Balancing the Risks and Rewards of Being a Social Managing Partner – Advice for Managing Partners
If I were a betting man, I would wager that if you are a managing partner in anaccounting, consulting or other professional services firm, you’re not spending a great deal of time Tweeting, posting updates and comments in LinkedIn, Facebooking or in general, playing in the social media sandbox.
But this blog post isn’t about why a managing partner should be a “social managing partner”; it’s more about the pros and cons of having a social footprint. Changes in attitudes, perceptions and tactics related to marketing come very slowly to professional services firms.
Should more involvement in social media by a managing partner be one of those changes that need to be accelerated, or is your social media engagement more of wishful thinking on the part of the firm’s marketing team than a practical reality?
Why Managing Partners Aren’t More Social
There’s a lot of research available about why CEOs aren’t involved in social media like CEO.com’s Social CEO Report that found that only 32 percent of Fortune 500 CEOs have at least one account on a social network, or in other words, 68 percent completely lack a social media presence.
Another study of C-suite respondents working in companies with revenues of $500 million or more by the PR firm Weber Shandwick, (The Social CEO: Executives Tell All) provides some interesting insights on why CEOs aren’t more social. Here’s a summary of their findings:
I believe the results of these studies apply to professional services firms across a spectrum of industries and sizes. Yes, CEOs as well as managing partners in accounting and consulting firms are aware of social media. But very, very few are actively involved, but maybe it’s time to become more social.
Why Managing Partners Should Be More Social
Just as there are compelling reasons why managing partners are reluctant to be more social, there are a number of rewards and benefits of making the commitment.
Here are ten upsides to becoming a social managing partner that need to be considered:
- Provides opportunities to extend the firm’s brand and your role as the brand ambassador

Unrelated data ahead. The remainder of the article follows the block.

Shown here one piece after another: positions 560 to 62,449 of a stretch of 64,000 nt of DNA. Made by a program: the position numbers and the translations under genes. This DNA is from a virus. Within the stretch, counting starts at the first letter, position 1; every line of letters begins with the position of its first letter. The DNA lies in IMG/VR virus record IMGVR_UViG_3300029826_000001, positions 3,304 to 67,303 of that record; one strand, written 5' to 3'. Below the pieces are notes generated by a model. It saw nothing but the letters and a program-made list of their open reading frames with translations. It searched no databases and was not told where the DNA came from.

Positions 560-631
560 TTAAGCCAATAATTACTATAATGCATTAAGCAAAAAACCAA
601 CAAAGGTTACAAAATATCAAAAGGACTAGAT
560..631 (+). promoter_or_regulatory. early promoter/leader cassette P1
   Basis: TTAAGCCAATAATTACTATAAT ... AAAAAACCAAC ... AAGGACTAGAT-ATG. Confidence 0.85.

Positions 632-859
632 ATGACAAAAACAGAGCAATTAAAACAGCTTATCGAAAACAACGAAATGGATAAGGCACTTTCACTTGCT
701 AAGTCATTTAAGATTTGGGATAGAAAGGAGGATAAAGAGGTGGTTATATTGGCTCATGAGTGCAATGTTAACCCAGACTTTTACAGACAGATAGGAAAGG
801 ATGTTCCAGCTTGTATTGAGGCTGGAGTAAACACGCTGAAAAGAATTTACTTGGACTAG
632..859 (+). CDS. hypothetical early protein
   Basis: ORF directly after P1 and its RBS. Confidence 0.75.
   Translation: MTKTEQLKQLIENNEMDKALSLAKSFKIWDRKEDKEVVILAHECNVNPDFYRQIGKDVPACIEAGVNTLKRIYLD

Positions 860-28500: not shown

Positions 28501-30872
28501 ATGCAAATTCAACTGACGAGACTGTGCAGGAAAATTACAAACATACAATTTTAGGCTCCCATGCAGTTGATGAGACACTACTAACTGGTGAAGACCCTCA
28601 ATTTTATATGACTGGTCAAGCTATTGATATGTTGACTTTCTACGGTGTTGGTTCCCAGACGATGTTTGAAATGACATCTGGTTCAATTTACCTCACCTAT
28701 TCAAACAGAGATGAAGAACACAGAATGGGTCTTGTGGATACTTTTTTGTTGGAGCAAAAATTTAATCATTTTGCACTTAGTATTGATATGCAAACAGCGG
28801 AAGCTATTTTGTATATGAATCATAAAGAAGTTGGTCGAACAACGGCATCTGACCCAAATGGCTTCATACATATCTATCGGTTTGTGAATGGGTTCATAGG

- Grow your network and the company’s reach
- Show the company is innovative and a leader in using social media to communicate to clients, prospects and employees
- Showcase your thought leadership
- Differentiate from other managing partners in your market, who are most likely not engaged in social media
- Humanize the firm and give it more personality
- Helps grow and build relationships with media contacts and get more media coverage
- You set a positive example to employees
- Helps find and attract new customers
- Hands on involvement in a trend that will impact the firm’s marketing program
Make a Commitment and Start Slowly
My belief is that managing partners should indeed be more social. Let’s face it – social media is not going to dry up and blow away, it’s only going to become a more and more important tactic in the firm’s marketing arsenal. But that doesn’t mean that as a managing partner you need to go from 0 to 100 mph overnight.
Start slowly by signing up for LinkedIn and Twitter accounts. Learn how to use your accounts – it’s really not all that hard to do. Complete your LinkedIn profile and choose a limited number of LinkedIn groups to join – especially those where you’ll find prospects.
Then, devote an hour a week to social media publishing. Participate in LinkedIn groups by offering or responding to comments. Try tweeting once a day. Write a blog post once per month. Check in on your competitors and see what they’re doing in social media.
You do indeed have a lot on your plate, and the thought of adding more responsibilities – especially for something that may not have an immediate ROI - may make you groan. Hopefully, those groans will just be signs of growing pains!